Bottles and Pours: How to Plan Four Wine Dinners in a Day

January 3, 2011

in Dining,Events,Food,Wine

“Would you mind looking at the attached menu, and making recommendations for wine pairings?” I received a version of this e-mail from different departments of the hotel three times within an afternoon. Coincidentally, they arrived as I was planning a wine dinner for the restaurant at the hotel. This is one of the best parts of my job. So, I decided to tackle all four dinners, and thought that I would share the planning.

A few of the wines used for pairing in one of the upcoming dinners.

There are many ways to learn how to pair food with wine. Several books are widely available. Two excellent examples are Perfect Pairings: A Master Sommelier’s Practical Advice for Partnering Food with Wine by Evan Goldstein MS and Joyce Goldstein; and Great Tastes Made Simple by Andrea Robinson MS. Restaurants plan events that will highlight the principles of food and wine pairing. And, wine pros enjoy assisting with this aspect of the business. When I get e-mail requests, normally the menu is attached and pairing the wines is relatively easy. However, what does not get included in the e-mails, nor discussed in most wine books, is the logistics of the wine dinner.

I am asked many questions on this subject:

– “I’m inviting [insert number here] friends over for dinner? How much wine will I need?”

– “I have a special wine that I want to share with friends at a dinner party. However, I have only [insert number here] bottles? What do I do?”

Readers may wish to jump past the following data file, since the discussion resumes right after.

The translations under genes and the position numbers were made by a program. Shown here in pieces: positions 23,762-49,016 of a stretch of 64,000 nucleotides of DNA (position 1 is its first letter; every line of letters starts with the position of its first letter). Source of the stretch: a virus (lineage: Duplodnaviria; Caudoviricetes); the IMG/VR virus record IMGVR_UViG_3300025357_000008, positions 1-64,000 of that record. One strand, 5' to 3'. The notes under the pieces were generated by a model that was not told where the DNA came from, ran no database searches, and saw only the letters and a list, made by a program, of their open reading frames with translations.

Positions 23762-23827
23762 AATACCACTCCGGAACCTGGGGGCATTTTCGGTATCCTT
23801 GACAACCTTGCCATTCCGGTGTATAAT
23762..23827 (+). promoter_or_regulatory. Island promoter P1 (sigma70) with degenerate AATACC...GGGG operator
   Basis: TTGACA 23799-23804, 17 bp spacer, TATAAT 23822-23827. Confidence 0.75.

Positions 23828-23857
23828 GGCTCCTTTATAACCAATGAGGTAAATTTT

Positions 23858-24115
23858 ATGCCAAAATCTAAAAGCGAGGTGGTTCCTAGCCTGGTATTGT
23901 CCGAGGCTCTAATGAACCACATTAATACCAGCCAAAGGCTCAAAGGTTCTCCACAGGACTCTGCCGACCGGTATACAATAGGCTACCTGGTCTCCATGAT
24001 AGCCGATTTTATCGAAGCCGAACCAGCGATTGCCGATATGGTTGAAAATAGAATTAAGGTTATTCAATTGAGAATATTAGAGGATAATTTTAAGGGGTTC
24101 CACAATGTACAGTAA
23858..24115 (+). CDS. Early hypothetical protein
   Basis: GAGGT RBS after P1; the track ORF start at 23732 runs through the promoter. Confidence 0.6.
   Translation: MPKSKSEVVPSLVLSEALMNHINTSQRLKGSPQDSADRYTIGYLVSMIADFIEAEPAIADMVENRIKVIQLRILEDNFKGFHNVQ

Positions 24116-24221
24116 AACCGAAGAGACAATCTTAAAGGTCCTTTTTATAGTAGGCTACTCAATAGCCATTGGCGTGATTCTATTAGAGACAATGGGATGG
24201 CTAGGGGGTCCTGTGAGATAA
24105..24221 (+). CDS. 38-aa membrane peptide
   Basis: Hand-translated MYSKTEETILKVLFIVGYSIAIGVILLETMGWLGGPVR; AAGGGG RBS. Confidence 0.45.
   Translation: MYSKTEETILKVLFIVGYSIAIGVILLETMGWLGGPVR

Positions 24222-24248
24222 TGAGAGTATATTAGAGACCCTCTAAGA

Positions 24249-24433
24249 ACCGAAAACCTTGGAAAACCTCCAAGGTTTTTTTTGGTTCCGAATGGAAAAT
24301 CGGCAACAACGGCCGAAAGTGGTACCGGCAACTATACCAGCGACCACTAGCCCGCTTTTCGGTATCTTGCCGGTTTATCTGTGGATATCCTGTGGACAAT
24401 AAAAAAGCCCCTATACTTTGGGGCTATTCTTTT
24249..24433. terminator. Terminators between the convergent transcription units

– “How large of a pour is appropriate at a dinner party?”

The answers do not require a Ph.D. in mathematics, just a few simple numbers. Most important: 25.4. That’s the number of ounces in a standard 750ml bottle of wine (the “normal” size), and enough for 5 five-ounce pours. However, not all dinner parties are for five people. So, we need to make adjustments. A helpful cheat sheet includes pour sizes and number of people served from a 750ml bottle of wine. Here it is:

2 oz. pours – 12 people

3 oz. pours – 8 people

4 oz. pours – 6 people

5 oz. pours – 5 people

6 oz. pours – 4 people

Additional numbers determined by you, the host, are the types of wines, number of bottles of each wine, and people attending. With these numbers in hand, the planning can begin. In the next post, I will use the dinners mentioned above as examples of how to plan the logistics of various types of wine dinners.

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